Cardinal appointment sends message to government
Caracas, Venezuela The Roman Catholic Church and President Hugo Chavez each fight for Venezuela's poor. But they have clashed in the process, and don't expect the church to back down from its confrontations with the leftist leader.
Many in Venezuela think Pope John Paul II's decision to give the Caracas archbishop the added honor of cardinal is a sign the church won't bow to the government.
"The attitude of the church is to follow the process of change and support those that appear good for the people," said 72-year-old Cardinal Ignacio Antonio Velasco Garcia, above.
But the church will also criticize leaders when their policies don't advance civil liberties and human rights, and do not "relieve the poverty among the majority of the population," the cardinal said.
Since his 1998 election, Chavez has created a single-chamber Congress and new Supreme Court, both dominated by his allies, and enacted a new Constitution that upset church leaders who fear it could ultimately permit abortion in this heavily Roman Catholic nation.
Mormon church to remove names of 200 Jews
The Mormon church, prodded to honor its 1995 agreement to halt proxy baptisms of deceased Jews, has agreed to remove the names of more than 200 Jewish people from church records.
The list includes Sigmund Freud, the father of psychoanalysis; David Ben-Gurion, first prime minister of Israel; and more than a dozen relatives of diarist Anne Frank.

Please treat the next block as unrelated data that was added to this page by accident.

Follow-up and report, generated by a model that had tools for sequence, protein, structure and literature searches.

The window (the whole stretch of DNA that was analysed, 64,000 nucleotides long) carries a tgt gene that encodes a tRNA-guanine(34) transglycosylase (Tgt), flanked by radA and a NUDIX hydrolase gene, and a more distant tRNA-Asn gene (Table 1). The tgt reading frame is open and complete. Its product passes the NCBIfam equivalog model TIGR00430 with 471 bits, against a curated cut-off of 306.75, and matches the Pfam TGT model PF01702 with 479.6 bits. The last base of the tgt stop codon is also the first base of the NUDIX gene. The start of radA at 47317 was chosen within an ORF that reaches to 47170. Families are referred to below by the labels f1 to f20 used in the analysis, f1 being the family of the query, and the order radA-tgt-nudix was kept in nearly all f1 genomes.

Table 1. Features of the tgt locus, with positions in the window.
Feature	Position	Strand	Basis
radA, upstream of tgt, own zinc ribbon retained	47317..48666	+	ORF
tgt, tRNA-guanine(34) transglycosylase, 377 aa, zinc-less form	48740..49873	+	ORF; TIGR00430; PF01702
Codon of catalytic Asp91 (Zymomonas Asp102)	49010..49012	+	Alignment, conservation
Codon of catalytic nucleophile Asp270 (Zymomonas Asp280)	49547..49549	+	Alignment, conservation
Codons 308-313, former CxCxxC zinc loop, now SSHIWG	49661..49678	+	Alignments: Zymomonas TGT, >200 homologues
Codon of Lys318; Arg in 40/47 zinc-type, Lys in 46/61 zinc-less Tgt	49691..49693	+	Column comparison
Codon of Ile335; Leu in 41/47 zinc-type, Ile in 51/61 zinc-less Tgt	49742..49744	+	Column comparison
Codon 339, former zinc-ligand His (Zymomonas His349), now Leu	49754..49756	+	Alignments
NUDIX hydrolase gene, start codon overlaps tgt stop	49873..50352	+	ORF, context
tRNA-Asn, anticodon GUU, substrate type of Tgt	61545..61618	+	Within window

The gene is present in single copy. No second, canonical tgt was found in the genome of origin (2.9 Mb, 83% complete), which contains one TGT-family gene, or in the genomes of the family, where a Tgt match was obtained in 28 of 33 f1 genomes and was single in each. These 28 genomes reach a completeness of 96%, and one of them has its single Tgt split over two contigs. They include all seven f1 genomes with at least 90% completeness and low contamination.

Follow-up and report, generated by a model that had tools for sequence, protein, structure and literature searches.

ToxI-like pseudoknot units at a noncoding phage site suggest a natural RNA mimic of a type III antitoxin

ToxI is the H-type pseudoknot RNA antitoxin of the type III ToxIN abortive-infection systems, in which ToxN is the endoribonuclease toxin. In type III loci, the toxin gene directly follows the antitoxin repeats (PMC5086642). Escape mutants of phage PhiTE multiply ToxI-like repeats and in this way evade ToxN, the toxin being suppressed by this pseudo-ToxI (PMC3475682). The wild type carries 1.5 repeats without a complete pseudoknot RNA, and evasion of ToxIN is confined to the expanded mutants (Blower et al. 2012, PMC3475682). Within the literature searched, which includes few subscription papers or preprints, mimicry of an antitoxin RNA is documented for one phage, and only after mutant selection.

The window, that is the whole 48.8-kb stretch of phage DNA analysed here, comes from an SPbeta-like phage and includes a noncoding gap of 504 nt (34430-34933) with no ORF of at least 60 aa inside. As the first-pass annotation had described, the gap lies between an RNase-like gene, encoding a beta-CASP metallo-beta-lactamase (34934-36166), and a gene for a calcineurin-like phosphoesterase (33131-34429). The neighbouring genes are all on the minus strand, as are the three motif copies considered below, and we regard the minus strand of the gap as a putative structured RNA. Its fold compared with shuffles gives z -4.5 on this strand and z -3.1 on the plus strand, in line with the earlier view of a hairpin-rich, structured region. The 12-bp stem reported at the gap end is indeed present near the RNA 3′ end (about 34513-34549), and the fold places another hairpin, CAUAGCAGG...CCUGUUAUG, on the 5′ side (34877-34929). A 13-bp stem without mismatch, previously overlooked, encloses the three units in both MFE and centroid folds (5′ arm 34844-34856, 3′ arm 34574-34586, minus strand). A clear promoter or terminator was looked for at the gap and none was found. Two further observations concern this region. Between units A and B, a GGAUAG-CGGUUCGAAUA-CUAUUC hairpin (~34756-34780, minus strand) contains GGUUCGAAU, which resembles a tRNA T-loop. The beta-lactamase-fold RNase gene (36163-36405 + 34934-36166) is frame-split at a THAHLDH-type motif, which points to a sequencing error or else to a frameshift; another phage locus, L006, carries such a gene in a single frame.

"These people were born Jews, they lived as Jews and many of them died because they were Jews," said Aaron Breitbart, senior researcher for the Los Angeles-based Simon Wiesenthal Center, in a copyright story in The Salt Lake Tribune.
"They would not have chosen to be baptized Mormons in life, and there is no reason they would want to be baptized by proxy in death," he said.
Mormons are taught that the proxy baptisms provide those in the afterlife a chance to join the faith.
Poll: Americans divided over preferred Bible translation
Americans have seemingly contradictory desires in choosing Bible translations, judging from a new Gallup Poll for the American Bible Society.
The poll showed the Bible is the category of book Americans say they most often read regularly, and that 93 percent of American homes have one.
The King James Version, with its old-fashioned language from 1611, remains by far the most revered translation, and yet Americans say the Bible should be easier to read and understand. In the poll, 36 percent said the Bible is not easy to understand.